Poise and Presence. This is how it’s done. Feast your eyes on such beauty and ease. We have for a teacher this exquisite fawn, who was photographed courtesy of the hill’s wildlife camera. And the image will suffice. All energies and time this week have ended up being dedicated to semester preparations, and so I rely on the natural world to provide you and me with some visual inspiration—–
That’s a phrase from Resmaa Menakem,* author of My Grandmother’s Hands. Merely speaking these lovely words——–‘a settled body‘——- finds me resting back into the chair, no longer leaning forward as if preparing for a dive into the computer screen.
As participants in a pandemic and citizens of a country rife with systemic racism, Americans are experiencing ‘collective trauma,‘ a phrase used by the Dance Department Chair during a recent online meeting in describing the faculty, staff, and students. I concur.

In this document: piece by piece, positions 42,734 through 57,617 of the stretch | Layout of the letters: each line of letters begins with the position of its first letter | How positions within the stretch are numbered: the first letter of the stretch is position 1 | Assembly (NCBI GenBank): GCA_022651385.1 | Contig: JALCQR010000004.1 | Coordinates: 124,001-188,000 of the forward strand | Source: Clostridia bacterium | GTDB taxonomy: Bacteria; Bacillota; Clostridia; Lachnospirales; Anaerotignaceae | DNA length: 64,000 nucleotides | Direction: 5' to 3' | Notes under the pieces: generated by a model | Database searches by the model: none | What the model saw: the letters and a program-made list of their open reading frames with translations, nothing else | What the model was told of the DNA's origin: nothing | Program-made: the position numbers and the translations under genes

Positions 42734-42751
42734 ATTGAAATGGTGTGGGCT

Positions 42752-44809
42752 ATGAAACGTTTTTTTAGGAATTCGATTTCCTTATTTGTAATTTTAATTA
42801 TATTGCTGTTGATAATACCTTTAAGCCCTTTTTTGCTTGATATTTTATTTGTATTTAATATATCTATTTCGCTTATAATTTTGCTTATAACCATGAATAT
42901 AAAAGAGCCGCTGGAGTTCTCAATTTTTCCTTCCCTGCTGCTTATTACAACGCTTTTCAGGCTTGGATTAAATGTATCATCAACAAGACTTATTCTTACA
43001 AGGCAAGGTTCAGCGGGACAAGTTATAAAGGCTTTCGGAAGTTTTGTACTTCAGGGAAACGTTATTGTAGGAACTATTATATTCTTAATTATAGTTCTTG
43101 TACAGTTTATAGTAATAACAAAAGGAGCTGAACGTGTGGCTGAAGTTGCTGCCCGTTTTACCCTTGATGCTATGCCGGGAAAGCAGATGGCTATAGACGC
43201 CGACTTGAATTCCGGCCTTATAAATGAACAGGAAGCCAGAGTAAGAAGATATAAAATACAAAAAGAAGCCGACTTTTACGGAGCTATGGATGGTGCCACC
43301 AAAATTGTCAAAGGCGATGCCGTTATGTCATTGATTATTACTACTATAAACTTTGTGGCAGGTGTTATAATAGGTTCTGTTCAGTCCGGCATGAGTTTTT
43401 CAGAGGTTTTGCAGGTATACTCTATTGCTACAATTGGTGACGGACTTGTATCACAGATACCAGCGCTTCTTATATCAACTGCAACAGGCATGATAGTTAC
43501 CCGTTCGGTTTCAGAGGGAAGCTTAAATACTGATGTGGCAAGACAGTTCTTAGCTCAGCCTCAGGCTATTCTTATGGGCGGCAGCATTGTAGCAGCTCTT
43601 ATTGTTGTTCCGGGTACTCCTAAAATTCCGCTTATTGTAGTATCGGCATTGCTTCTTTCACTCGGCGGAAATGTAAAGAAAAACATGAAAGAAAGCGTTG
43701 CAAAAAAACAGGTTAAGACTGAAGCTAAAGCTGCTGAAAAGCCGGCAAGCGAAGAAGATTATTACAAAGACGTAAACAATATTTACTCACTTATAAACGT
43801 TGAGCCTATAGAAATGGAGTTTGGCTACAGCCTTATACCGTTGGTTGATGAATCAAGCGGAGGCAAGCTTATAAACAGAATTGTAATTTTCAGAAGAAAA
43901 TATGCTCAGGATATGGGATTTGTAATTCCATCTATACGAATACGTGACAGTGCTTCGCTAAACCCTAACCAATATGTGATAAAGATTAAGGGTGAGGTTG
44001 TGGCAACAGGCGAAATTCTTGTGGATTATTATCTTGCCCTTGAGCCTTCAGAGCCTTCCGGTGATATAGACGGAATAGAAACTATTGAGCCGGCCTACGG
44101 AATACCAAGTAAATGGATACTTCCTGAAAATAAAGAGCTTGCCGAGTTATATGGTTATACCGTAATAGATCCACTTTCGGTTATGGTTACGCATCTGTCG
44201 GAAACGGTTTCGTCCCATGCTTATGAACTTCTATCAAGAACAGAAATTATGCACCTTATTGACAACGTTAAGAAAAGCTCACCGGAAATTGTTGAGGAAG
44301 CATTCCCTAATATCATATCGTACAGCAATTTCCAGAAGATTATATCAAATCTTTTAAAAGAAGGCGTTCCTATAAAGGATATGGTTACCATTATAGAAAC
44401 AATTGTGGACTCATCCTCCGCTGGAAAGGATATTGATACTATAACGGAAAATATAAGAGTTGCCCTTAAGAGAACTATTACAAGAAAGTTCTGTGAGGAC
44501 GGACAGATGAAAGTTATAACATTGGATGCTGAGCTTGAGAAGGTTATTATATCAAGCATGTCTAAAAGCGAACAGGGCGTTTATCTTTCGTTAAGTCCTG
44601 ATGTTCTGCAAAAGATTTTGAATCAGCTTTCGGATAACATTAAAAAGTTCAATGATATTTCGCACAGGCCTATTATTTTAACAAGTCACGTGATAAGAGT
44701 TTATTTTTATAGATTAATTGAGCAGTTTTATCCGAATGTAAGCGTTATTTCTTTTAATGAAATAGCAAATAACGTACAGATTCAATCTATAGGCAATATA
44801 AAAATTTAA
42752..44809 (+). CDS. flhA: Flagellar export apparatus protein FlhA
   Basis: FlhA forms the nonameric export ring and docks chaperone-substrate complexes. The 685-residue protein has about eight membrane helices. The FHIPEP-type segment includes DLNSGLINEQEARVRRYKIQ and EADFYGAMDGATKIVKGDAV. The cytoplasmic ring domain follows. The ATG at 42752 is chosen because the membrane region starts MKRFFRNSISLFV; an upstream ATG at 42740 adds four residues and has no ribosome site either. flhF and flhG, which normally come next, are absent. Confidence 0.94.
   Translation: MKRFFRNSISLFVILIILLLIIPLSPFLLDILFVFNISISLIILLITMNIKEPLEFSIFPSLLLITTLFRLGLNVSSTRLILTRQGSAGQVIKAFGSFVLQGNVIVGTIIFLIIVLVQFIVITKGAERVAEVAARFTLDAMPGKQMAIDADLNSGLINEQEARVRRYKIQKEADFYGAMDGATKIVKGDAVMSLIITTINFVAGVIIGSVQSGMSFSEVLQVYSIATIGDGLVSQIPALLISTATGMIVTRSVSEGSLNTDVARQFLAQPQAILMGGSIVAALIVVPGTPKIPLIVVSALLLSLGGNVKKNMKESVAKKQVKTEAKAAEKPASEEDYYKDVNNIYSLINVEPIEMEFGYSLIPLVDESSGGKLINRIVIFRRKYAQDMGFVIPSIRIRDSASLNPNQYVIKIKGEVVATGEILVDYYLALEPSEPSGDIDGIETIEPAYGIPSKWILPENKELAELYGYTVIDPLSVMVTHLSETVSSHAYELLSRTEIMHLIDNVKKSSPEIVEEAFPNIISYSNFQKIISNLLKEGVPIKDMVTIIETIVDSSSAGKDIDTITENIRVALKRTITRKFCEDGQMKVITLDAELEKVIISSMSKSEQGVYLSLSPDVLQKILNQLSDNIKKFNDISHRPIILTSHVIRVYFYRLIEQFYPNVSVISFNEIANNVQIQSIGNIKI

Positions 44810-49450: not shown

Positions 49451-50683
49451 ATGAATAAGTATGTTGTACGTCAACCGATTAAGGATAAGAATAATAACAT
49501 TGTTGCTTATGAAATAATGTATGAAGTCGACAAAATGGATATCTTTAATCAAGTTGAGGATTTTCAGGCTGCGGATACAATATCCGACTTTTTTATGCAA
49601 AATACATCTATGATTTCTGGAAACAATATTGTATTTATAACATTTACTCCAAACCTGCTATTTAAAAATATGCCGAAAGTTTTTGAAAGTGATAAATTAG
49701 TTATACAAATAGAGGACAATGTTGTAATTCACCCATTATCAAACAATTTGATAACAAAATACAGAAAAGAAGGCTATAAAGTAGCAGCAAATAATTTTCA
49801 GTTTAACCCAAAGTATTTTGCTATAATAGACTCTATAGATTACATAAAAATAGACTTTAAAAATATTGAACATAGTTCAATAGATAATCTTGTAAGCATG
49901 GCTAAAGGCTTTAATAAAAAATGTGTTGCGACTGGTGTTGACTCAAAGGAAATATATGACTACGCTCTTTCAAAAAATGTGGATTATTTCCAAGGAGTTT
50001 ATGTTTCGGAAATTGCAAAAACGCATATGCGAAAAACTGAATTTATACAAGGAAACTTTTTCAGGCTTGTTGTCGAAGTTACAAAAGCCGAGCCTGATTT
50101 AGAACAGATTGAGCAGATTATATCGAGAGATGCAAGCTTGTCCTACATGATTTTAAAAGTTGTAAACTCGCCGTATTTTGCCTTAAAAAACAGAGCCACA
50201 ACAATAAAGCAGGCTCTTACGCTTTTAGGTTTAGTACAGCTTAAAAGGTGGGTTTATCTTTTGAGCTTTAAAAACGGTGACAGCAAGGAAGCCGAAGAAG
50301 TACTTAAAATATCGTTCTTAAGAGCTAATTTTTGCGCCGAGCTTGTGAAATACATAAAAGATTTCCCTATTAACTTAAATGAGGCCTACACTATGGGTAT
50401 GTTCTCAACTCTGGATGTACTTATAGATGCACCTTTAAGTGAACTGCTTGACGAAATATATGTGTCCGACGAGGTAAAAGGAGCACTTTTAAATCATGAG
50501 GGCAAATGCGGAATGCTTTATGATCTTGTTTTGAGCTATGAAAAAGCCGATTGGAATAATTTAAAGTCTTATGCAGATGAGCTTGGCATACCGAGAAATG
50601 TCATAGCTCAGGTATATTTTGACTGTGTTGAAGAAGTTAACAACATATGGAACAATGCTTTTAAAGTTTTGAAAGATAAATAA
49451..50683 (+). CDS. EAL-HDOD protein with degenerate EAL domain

Now what? For starters, settling the body. And so we shall, bi-weekly in Alexander Technique class. With settled bodies, vitality is more readily available, and action can be taken with conviction, whether it be to make oneself a cold brew, to engage in activism, or to get that course assignment started.
For Settling: Notice the places of contact between you and any surfaces. Right now, that’s my right heel on smooth wood floor, backs of thighs and sit bones on the chair cushion, the left hand palm resting on the keyboard, all fingerpads in contact with the keys. Eyeglasses can be felt on the bridge of my nose.
I’m settled. That was easy.